Chinatown's population is on the rise, and from 2000 to 2010, it increased from 5,830 to 7,254 people, with the Asian population increasing from 4,969 to 6,447 people.
In 2013, city planners announced a plan to develop more housing, public parks and road improvements in Chinatown. The library was completed last August, and in 2013, a boathouse and fieldhouse were added to Ping Tom Memorial Park, on the banks of the Chicago River.
Another key component of the plan is improving workforce opportunities and public education. About 78 percent of Chinatown residents speak Chinese at home, and of that population, more than three-quarters report speaking English "less than 'very well,'" according to a May 2015 report from the Chicago Metropolitan Agency for Planning, which oversees land-use and transportation planning for the region. Half of Chinatown residents are employed in three sectors: the food and hospitality industry, health care and social services, and manufacturing, according to the report.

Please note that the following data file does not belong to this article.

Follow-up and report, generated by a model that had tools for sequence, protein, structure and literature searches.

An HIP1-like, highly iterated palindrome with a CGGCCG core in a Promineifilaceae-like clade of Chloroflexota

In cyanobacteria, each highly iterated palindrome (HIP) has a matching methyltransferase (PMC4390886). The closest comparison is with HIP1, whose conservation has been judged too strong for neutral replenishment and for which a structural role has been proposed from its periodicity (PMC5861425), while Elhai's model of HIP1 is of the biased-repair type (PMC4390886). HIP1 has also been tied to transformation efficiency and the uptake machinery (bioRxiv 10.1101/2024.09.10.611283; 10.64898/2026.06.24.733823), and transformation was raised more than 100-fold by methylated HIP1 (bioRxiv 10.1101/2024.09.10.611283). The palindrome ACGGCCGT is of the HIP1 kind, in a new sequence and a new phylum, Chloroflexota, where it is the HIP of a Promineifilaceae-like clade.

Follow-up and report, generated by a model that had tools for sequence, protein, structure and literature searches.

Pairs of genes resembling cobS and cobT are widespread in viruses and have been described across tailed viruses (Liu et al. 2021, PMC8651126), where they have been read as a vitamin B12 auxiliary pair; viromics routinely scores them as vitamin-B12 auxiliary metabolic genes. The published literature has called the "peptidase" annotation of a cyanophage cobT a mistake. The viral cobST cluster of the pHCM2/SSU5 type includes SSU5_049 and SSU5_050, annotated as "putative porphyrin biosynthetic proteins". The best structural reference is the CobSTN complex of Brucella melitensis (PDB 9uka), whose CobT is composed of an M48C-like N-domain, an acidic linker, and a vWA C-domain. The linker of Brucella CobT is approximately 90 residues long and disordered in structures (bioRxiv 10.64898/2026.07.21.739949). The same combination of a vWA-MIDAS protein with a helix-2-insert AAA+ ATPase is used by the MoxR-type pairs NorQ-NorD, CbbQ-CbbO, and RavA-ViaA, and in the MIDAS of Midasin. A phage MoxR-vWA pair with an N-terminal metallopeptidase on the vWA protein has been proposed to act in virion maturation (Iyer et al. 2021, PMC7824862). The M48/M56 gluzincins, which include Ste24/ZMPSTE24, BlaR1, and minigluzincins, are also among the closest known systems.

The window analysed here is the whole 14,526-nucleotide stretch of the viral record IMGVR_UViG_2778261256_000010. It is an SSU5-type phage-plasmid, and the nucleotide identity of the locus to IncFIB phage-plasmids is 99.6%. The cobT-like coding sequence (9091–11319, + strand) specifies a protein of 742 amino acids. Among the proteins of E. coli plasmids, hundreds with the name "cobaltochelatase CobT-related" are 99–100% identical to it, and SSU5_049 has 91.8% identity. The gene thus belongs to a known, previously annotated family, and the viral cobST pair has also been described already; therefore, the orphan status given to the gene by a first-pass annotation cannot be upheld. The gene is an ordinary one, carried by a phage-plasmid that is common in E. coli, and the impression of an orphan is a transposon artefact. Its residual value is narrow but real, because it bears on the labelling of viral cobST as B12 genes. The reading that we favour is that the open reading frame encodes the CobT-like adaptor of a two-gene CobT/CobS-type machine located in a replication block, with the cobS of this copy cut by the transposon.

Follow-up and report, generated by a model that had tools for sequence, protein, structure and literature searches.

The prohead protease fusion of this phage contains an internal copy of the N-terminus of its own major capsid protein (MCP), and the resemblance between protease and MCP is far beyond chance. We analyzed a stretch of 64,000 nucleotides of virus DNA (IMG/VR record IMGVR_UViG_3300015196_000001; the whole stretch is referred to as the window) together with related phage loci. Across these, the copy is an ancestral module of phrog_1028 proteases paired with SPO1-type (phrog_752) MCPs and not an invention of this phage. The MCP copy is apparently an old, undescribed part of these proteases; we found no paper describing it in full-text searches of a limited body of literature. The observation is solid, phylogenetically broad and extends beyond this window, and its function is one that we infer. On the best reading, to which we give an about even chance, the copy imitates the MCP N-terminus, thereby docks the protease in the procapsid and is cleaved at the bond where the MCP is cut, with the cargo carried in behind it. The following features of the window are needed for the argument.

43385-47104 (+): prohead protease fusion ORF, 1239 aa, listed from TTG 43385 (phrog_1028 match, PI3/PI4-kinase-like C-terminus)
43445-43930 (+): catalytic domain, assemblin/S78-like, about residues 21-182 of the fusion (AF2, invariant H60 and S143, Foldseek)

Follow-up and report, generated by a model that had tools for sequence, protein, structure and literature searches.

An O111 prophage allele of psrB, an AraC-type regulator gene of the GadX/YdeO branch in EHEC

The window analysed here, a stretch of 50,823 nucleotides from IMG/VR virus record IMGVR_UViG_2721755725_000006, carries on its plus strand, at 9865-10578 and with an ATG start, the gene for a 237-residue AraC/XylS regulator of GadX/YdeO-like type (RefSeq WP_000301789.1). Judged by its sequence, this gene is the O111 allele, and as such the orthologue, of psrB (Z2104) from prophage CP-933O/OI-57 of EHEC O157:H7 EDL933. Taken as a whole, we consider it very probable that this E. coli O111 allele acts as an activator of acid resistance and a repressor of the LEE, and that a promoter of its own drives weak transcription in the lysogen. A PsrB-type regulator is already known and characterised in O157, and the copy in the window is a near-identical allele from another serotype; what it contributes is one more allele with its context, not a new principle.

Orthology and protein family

City planners hope to create more job opportunities for the Chinese community by expanding on the Chinese-American Service League's current adult job training programs, by coordinating English as a second language training and new job programs at the City Colleges of Chicago.
Residents have also expressed a desire for better public high school options. The neighborhood's two high schools, Tilden and Wendell Phillips Academy, have low Asian attendance, at 1.7 percent and 0.4 percent, respectively, according to that metropolitan agency report. This suggests most Chinatown high schoolers choose not to attend neighborhood public high schools -- something city planners want to address.
The possible development of a 62-acre stretch between 16th Street and the northern end of Chinatown also has Ald. Daniel Solis, 25th, hopeful a new public high school could be built on the space. The area could also be developed for commercial and residential use, he said.
As alderman for nearly two decades, Solis believes the success of the area lies in its residents' dedication to the traditions that make the neighborhood vibrant.
"That's something that's not only unique to my ward, but also across the city," he said. "The Chinese don't need to be driven from their community, they just expand it."